Bissonnette et al.2 have provided this needed information. These authors threaded a thermocouple through a catheter, for which the tip was located in the jugular bulb, in children undergoing cardiac surgery using hypothermic CPB. They recorded jugular bulb venous temperature and core body temperatures during surgery and for 6 h postoperatively. They observed jugular bulb venous temperature at the end of CPB as 36.9 ± 1.4°C, increasing at 6 h postoperatively to 39.6 ± 0.8°C. Although the study was ended after 6 h, jugular bulb venous temperature in all subjects had not reached a plateau, indicating the possibility of higher cerebral hyperthermia. The jugular bulb venous temperature was similar to core temperatures at the end of CPB and increased after surgery 2 or 3°C more than core temperatures. These observations suggest that cerebral hyperthermia of sufficient magnitude and duration to influence outcome after ischemic injury develops regularly after infant cardiac surgery. Hemodynamic deterioration also occurs at 6 h postoperatively, rendering the injured brain cells vulnerable to further ischemic injury.
This observation raises many questions. First, does jugular bulb venous temperature reflect brain temperature? No study directly addresses this. However, the authors make a strong case that, if anything, it would underestimate brain tissue temperature. Second, did the authors’ perioperative temperature management contribute to the development of cerebral hyperthermia? At their institution, management revolved around rectal temperature. Some institutions use this strategy, whereas others measure temperatures from a combination of sites because rectal temperature lags behind these temperature sites, rendering its estimation of core temperature inaccurately low. Thus, the use of rectal temperature alone to guide rewarming may predispose patients to hyperthermia. Yet, in the study by Bissonnette et al., 2 hyperthermia did not develop at the core sites during CPB rewarming, but rather hours afterward, despite surface cooling in those patients with core hyperthermia, making this possibility unlikely.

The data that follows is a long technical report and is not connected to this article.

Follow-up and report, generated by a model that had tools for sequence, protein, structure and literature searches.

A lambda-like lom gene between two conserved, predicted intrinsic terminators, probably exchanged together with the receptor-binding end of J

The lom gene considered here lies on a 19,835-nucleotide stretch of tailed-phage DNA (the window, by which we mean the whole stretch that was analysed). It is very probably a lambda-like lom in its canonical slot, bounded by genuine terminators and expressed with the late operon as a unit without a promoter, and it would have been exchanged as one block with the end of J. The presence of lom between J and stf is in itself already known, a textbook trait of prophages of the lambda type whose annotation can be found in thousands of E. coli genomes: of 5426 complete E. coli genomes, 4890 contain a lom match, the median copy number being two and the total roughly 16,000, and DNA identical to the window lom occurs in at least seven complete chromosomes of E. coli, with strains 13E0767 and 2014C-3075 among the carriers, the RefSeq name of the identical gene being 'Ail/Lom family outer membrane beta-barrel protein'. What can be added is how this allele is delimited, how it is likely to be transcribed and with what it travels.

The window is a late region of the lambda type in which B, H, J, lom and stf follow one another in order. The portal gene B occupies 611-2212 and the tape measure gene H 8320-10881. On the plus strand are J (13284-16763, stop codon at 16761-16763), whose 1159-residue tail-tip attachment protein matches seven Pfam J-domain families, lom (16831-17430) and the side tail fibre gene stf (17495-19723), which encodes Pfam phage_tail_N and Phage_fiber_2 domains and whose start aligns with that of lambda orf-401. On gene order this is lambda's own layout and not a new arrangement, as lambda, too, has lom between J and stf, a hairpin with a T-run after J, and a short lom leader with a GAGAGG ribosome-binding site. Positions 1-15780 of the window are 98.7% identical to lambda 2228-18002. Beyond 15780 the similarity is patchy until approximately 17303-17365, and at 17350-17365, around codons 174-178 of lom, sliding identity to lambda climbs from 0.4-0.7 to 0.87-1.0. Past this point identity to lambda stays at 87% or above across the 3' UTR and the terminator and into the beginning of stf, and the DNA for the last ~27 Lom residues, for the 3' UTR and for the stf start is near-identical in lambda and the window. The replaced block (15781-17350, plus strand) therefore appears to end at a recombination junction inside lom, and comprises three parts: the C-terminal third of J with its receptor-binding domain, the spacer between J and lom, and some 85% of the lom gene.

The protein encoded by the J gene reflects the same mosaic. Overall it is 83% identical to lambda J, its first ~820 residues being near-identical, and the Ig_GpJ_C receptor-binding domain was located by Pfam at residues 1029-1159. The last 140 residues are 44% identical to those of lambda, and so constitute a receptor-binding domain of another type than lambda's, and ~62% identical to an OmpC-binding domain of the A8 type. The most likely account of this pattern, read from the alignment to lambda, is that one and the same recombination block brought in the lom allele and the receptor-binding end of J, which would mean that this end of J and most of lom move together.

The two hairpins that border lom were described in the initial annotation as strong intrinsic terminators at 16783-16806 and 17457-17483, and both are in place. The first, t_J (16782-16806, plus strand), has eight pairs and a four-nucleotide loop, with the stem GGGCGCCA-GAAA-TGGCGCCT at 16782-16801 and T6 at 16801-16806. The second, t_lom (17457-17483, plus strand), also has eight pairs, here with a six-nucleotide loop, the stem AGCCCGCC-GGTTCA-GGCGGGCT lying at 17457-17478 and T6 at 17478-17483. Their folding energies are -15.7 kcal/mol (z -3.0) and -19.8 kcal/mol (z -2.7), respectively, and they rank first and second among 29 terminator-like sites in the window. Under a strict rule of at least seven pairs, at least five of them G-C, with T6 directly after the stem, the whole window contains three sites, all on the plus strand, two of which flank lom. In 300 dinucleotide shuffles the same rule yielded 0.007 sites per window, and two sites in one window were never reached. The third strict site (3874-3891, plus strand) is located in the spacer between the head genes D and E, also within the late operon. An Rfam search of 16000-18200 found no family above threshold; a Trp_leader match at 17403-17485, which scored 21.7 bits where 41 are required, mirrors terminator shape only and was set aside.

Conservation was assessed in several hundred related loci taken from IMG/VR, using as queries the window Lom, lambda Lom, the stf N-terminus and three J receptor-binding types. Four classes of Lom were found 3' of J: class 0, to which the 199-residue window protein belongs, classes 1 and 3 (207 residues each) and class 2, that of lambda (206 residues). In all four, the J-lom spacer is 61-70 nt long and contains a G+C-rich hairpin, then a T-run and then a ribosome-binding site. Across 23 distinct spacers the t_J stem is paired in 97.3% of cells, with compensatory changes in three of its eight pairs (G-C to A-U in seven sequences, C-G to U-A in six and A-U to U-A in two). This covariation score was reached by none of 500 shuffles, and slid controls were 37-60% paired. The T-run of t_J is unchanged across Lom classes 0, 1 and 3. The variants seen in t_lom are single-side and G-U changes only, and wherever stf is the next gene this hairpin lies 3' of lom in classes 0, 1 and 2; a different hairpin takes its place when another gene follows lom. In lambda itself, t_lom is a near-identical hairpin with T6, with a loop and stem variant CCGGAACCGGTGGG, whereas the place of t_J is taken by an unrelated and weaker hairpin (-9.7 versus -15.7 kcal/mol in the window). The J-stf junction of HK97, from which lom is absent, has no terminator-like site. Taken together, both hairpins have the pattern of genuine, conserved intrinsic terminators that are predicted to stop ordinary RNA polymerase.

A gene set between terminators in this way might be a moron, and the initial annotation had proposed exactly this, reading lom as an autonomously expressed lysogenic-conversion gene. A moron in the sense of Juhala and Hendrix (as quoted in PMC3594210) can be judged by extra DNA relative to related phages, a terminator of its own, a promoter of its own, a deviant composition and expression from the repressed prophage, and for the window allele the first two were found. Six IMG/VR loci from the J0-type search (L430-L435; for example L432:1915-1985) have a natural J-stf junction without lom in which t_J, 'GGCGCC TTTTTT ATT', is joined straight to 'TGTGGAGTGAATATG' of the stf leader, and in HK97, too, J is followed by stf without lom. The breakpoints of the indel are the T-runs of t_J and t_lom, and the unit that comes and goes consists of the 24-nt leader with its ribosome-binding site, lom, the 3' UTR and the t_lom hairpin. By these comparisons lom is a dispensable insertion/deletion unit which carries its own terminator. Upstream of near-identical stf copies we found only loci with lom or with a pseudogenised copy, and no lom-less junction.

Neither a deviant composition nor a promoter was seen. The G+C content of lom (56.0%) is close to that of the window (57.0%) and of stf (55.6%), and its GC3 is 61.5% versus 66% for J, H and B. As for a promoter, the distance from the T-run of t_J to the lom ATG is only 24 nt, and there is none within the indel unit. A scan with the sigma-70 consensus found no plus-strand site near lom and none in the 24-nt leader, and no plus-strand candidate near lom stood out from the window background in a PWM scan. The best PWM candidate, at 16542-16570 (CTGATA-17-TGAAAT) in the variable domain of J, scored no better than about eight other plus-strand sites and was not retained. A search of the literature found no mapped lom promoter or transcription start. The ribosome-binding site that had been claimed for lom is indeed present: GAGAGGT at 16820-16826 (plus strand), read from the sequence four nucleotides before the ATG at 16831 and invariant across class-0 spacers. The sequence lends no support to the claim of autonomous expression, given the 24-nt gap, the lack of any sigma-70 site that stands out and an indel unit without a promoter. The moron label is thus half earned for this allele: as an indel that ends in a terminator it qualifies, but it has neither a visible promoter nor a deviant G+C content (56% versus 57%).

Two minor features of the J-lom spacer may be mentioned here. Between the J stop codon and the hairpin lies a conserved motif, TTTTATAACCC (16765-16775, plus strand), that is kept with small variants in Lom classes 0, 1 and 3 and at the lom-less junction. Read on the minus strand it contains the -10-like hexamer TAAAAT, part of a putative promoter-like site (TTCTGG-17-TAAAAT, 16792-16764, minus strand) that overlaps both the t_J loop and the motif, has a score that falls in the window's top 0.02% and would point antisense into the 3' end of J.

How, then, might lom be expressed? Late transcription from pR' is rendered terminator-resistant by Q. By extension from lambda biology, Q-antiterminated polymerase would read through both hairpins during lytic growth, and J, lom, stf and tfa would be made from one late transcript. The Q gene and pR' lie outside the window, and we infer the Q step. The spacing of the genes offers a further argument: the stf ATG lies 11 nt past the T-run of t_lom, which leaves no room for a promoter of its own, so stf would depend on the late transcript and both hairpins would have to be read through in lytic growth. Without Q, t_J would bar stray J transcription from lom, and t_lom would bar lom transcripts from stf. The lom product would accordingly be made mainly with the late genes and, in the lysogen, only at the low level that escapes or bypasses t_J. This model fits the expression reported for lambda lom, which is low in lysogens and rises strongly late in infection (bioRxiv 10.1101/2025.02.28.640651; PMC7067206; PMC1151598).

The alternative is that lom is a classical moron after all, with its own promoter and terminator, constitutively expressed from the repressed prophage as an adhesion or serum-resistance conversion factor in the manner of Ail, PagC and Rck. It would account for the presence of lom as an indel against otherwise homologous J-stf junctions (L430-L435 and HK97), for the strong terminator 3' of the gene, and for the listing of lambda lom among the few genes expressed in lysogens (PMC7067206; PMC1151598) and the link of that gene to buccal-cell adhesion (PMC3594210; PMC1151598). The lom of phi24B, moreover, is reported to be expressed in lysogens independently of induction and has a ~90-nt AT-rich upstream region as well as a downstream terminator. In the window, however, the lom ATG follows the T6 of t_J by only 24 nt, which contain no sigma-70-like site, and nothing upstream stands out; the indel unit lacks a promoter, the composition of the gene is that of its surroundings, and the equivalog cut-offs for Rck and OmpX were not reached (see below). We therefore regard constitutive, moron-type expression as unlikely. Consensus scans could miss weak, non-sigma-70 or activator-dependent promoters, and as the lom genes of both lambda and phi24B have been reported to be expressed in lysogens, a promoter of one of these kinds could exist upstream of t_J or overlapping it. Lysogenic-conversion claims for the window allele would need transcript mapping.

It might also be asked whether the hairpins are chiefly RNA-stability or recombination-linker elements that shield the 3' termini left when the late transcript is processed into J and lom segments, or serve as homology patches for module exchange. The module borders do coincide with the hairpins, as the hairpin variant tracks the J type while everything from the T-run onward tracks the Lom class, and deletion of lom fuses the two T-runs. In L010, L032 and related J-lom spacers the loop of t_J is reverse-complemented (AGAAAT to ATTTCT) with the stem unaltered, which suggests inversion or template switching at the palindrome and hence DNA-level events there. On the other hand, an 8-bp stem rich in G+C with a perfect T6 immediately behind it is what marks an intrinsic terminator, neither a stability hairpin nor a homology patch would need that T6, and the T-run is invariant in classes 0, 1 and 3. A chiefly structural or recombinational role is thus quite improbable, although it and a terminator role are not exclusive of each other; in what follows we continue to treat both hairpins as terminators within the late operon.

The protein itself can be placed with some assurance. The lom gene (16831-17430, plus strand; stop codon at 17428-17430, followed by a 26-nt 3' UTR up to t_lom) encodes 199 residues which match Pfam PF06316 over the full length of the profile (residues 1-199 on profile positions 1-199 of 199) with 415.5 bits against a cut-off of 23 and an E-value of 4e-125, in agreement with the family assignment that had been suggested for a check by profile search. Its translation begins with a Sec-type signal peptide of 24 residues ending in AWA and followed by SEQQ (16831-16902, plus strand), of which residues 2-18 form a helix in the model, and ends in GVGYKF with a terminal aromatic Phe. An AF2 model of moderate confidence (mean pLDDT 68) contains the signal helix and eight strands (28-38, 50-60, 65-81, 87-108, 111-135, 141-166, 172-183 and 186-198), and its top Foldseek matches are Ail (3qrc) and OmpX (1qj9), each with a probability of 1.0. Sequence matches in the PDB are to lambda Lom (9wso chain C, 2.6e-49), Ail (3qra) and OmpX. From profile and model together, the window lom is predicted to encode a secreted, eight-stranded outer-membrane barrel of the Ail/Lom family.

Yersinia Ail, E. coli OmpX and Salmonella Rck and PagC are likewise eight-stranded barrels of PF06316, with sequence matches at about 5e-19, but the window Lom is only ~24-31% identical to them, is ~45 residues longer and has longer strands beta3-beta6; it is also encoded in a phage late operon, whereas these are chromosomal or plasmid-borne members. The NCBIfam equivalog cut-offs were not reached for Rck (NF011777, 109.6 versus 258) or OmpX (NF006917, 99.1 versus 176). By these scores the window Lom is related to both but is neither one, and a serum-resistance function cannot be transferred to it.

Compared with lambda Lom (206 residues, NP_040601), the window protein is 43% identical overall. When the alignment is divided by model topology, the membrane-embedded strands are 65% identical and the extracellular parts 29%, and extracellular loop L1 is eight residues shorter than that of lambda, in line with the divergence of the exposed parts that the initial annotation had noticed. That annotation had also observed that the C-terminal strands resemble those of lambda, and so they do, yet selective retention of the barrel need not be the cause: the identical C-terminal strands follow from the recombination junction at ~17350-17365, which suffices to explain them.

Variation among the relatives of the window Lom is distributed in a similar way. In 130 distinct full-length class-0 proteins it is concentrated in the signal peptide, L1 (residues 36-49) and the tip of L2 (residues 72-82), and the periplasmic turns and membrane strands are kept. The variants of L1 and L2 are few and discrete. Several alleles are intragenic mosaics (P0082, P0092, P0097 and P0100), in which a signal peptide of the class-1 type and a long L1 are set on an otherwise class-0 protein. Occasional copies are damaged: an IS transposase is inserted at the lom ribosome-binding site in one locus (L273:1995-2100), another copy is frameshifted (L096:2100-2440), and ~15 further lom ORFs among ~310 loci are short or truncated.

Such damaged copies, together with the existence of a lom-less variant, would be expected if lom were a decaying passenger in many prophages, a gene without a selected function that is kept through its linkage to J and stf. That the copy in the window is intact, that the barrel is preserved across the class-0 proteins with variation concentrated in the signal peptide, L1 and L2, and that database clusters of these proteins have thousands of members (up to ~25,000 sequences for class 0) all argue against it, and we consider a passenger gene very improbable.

The observations of Bissonnette et al.2 will hopefully spur clinical studies to address the role of brain temperature and postoperative care in neurologic impairment after infant heart surgery.
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References

1. Bellinger DC, Jonas RA, Rappaport LA, Wypij D, Wernovsky G, Kuban KCK, Barnes PD, Holmes GL, Hickey PR, Strand RD, Walsh AZ, Helmers SL, Constantinou JE, Carrazana EJ, Mayer JE, Hanley FL, Castaneda AR, Ware JH, Newburger JW: Developmental and neurologic status of children after heart surgery with hypothermic circulatory arrest or low-flow cardiopulmonary bypass. New Engl J Med 1995; 332: 549–55

2. Bissonnette B, Holtby HM, Davis AJ, Pua H, Gilder FJ, Black M: Cerebral hyperthermia in children after cardiopulmonary bypass. A nesthesiology 2000; 93: 000–000

3. Kurth CD, Priestley M, Golden J, McCann J, Raghupathi R: Regional patterns of neuronal death after deep hypothermic circulatory arrest in newborn pigs. J Thorac Cardiovasc Surg 1999; 118: 1068–77

4. MacManus JP, Linnik MD: Gene expression induced by cerebral ischemia: An apoptotic perspective. J Cereb Blood Flow Metab 1997; 17: 815–32

5. Schulz JB, Weller M, Moskowitz MA: Caspases as treatment targets in stroke and neurodegenerative diseases. Ann Neurol 1999; 45: 421–9

6. Busto R, Globus MYT, Dietrich D, Martinez E, Valdes I, Ginsberg MD: Effect of mild hypothermia on ischemia-induced release of neurotransmitters and free fatty acids in rat brain. Stroke 1989; 20: 904–10

7. Wass CT, Lanier WL, Hofer RE, Scheithauer BW, Andrews AG: Temperature changes of ≥1°C alter functional neurologic outcome and histopathology in a canine model of complete cerebral ischemia. A nesthesiology 1995; 83: 325–35

8. Baker MA: Brain cooling in endotherms in heat and exercise. Ann Rev Physiol 1982; 44: 85–96

9. Kurth CD, O’Rourke MM, O’Hara IB, Uhr B: Brain cooling efficiency with alpha-stat and pH-stat cardiopulmonary bypass in newborn pigs. Circulation 1997; 96 (suppl II): II-358–63

10. Stone JG, Young WL, Smith CR, Solomon RA, Wald A, Ostapkovich REPT, Shrebnick PA: Do standard monitoring sites reflect true brain temperature when profound hypothermia is rapidly induced and reversed. A nesthesiology 1995; 82: 344–51

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Keywords:
Cardiopulmonary bypass; pediatric anesthesia; temperature management; temperature regulation.